Latin America and the Jewish Refugees: Two Encounters, 1935 and 1938*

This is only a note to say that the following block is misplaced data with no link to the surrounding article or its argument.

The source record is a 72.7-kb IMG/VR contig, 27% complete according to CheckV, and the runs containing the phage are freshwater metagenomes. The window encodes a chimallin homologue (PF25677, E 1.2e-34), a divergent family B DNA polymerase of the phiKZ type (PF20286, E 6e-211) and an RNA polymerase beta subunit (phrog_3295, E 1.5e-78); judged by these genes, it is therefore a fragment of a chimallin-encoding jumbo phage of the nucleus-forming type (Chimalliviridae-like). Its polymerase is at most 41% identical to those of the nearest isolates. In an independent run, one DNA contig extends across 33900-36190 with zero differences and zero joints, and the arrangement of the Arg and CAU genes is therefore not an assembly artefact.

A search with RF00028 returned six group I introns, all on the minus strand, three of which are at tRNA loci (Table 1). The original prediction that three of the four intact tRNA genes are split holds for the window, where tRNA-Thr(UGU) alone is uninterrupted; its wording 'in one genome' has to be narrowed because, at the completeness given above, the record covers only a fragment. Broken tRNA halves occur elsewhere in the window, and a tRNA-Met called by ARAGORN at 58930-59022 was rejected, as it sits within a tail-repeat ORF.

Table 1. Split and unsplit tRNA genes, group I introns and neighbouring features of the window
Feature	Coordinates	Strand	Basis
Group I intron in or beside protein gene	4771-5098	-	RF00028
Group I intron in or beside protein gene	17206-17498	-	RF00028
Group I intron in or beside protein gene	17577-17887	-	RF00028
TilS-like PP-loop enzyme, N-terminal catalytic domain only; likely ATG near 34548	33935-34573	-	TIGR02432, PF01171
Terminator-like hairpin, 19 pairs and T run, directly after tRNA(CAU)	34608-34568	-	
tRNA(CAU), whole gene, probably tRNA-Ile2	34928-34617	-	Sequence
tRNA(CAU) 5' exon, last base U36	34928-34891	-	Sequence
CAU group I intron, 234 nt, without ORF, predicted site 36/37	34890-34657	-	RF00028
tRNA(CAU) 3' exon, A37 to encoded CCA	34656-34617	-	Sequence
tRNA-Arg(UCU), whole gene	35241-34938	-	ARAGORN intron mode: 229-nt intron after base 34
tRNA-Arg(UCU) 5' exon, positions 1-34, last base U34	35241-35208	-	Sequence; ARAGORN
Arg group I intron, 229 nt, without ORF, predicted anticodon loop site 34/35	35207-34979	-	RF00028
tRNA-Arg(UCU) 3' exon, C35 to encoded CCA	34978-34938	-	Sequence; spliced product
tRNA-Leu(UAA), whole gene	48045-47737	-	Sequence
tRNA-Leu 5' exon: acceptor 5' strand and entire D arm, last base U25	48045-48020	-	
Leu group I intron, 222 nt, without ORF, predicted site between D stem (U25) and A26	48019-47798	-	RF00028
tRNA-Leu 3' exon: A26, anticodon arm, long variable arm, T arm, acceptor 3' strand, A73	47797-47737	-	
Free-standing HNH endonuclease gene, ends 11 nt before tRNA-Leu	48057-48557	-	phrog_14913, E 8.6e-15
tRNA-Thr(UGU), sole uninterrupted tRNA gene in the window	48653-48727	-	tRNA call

This chapter examines in detail two specific cases in which the Latin American countries were collectively called upon to take a major part in the solution of the refugees’ problem, looking particularly at their willingness to receive Jewish refugees. Large Jewish agricultural settlement projects had developed there, particularly in Argentina and Brazil. In Uruguay, James G. McDonald found that the immigration laws were “reasonably satisfactory.” The fact that in Brazil as well as in Argentina the Jewish communities were well established and that in both these countries a large number of Jews were already agriculturists and could offer their co-religionists diversified facilities of absorption did not modify the basically negative attitude of those governments toward Jewish immigration. The Jewish organizations constituted the second party more explicitly alluded to in the high commissioner’s reports as being capable of increasing the willingness of the Latin American nations to receive refugees.